Bo Kim – Final Project

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Based on my previous project for Generative landscape, I created a more complex music score generator. I researched further on the history of graphical notation, and the various experiments of contemporary musicians that suggest new perspective on sound representation in modern music.

Brief explanation on graphical scores:
Traditional classical music is restricted to use the globally accepted musical notation. The performer has to be fluent and apt to this language in order to successfully perform the music as the composer intended. The fascinating part about graphical score is that it no longer constrains the ability of notation as a representation of a particular pitch, rhythm and instrument.Many contemporary musicians therefore do not bind themselves from composing and writing music in traditional forms. Non-conventional environments provoke more innovative and even radical sounds. The performer has greater power over the piece when specific guidelines no longer exist and intuition and impression step in.

Why does music have to be represented in even-sized ovals, #s, and <s? Why does the other side of the world have to follow European classical restrictions in order to compose and deliver sound that is universal? Does the complex musical language hinder amateurs ,non-professionals, people with disability from learning and exploring music anyhow? 

Inspired by this field of graphical notation in music, I decided to produce a generative music score of my own that enables the performer to interact, interpret and respond to the graphical elements presented. Instead of writing my own music I let the computer to improvise music under simple algorithms. The embedded video is an actual performance recorded, courtesy to Sean D. Kim who contributed as a guitar player. No specific guidelines was given about how read the scores. The generated score and the guitar performance were both “improvised”.

I hope this project inspires people to approach reading music differently and to even hear music in a different perspective.

 

Personal Sonata for Instrument X (ver.1)

Personal Sonata for Instrument X (ver. 2)

 

I personally prefer ver.2.
But they both turned out to be good study/sleeping music for me :)


Sketchbook:

Scan

Some of the references I used:

(Cool books that Golan kindly let me borrow):

Karkoschka, Erhard. Das Schriftbild der Neun Musik, 1966

Johnson, Roger. Scores: An Anthology of New Music, 1981

Musical Notation on Wikipedia  (Check out the history of musical notation in other cultures!)

Cage, John. Notations, Something Else Press. Inc.1969. 

Wehinger, Rainer. Artikulation, 1970.

Graphic Notation Project @ Pecha Kucha TLV

Stripsody by Cathy Berberian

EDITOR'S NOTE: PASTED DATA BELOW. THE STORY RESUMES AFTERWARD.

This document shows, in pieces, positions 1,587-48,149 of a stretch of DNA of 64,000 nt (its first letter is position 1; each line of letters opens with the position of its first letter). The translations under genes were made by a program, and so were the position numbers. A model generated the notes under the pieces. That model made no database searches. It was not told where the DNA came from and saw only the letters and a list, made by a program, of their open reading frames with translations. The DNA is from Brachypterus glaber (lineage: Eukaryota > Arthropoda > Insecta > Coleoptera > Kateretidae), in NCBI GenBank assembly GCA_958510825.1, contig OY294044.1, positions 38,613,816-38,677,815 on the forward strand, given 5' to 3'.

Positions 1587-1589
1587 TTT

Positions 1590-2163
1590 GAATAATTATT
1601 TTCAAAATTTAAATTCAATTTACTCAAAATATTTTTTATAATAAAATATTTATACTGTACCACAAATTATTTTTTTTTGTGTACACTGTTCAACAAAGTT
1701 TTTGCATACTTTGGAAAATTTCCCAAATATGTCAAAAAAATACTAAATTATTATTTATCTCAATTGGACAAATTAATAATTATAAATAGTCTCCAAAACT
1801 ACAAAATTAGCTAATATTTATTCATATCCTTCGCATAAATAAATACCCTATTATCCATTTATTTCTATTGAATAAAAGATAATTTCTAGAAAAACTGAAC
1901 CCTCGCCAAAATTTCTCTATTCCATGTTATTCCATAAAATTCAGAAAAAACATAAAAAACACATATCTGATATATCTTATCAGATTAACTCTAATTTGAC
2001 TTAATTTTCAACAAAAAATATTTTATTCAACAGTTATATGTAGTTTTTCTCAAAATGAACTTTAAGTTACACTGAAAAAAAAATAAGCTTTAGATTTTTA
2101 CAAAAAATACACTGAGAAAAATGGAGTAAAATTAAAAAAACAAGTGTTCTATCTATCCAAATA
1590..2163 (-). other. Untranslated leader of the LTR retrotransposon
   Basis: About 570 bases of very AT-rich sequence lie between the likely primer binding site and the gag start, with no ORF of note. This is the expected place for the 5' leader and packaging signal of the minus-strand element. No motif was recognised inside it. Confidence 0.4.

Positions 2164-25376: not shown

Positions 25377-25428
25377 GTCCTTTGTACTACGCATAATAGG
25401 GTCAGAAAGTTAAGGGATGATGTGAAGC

Visualizing Music with p5.js by Jason Sigal


Code:

Bo Kim – Final Project

 

Bo Kim – Final Project Proposal

I have previously created for my generative landscape project, a generator that produces random(“improvised”) graphic notation of music that resembles John Cage’s music scores.

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I would like to develop this project further to a more complex and sophisticated musical notation generator. Based on the simple generator that I created before, the final project will consist graphic notations of greater variety and structure. I will research and reference other graphical notations other than John Cage.

I will collaborate this project with another music major student. The performer will have to intuitively respond and play the music produced on the screen and this performance will be recorded. Although it is me who provides the general framework of the program, it is solely the computer and program that composes the music. I’m excited to see the resulting interaction between the performer, the programmer, and the computer.

사진 Nov 23, 8 42 00 PM

 

Bo Kim – Looking Outwards 11

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Colour Chaser by Yuri Suzuki (http://yurisuzuki.com/works/colour-chaser/)

Yuri Suzuki created a small device that detects and follows the drawn line. Whenever it crosses a color, it receives RGB data and translates it into sound. The project relates to my concept of music/sound responding to visual cues. I admire the playful potential of this project.

Nir Bitton, a graphic designer from Yale School of Art gives a short presentation on his graphic notation project. He composed music by using graphic notation that the player has to respond intuitively. The notations he created have caligraphic and abstract quality to it and to actually listen to the cello played as the music proceeds, enables the audience to develop a new perspective in reading music.

Nir Bitton’s another project that incorporates typography.

Both projects speculate how to visually represent sound and music. The process of evaluating visual elements are different but their attempt to relate sound with art that involves interaction are very inspiring.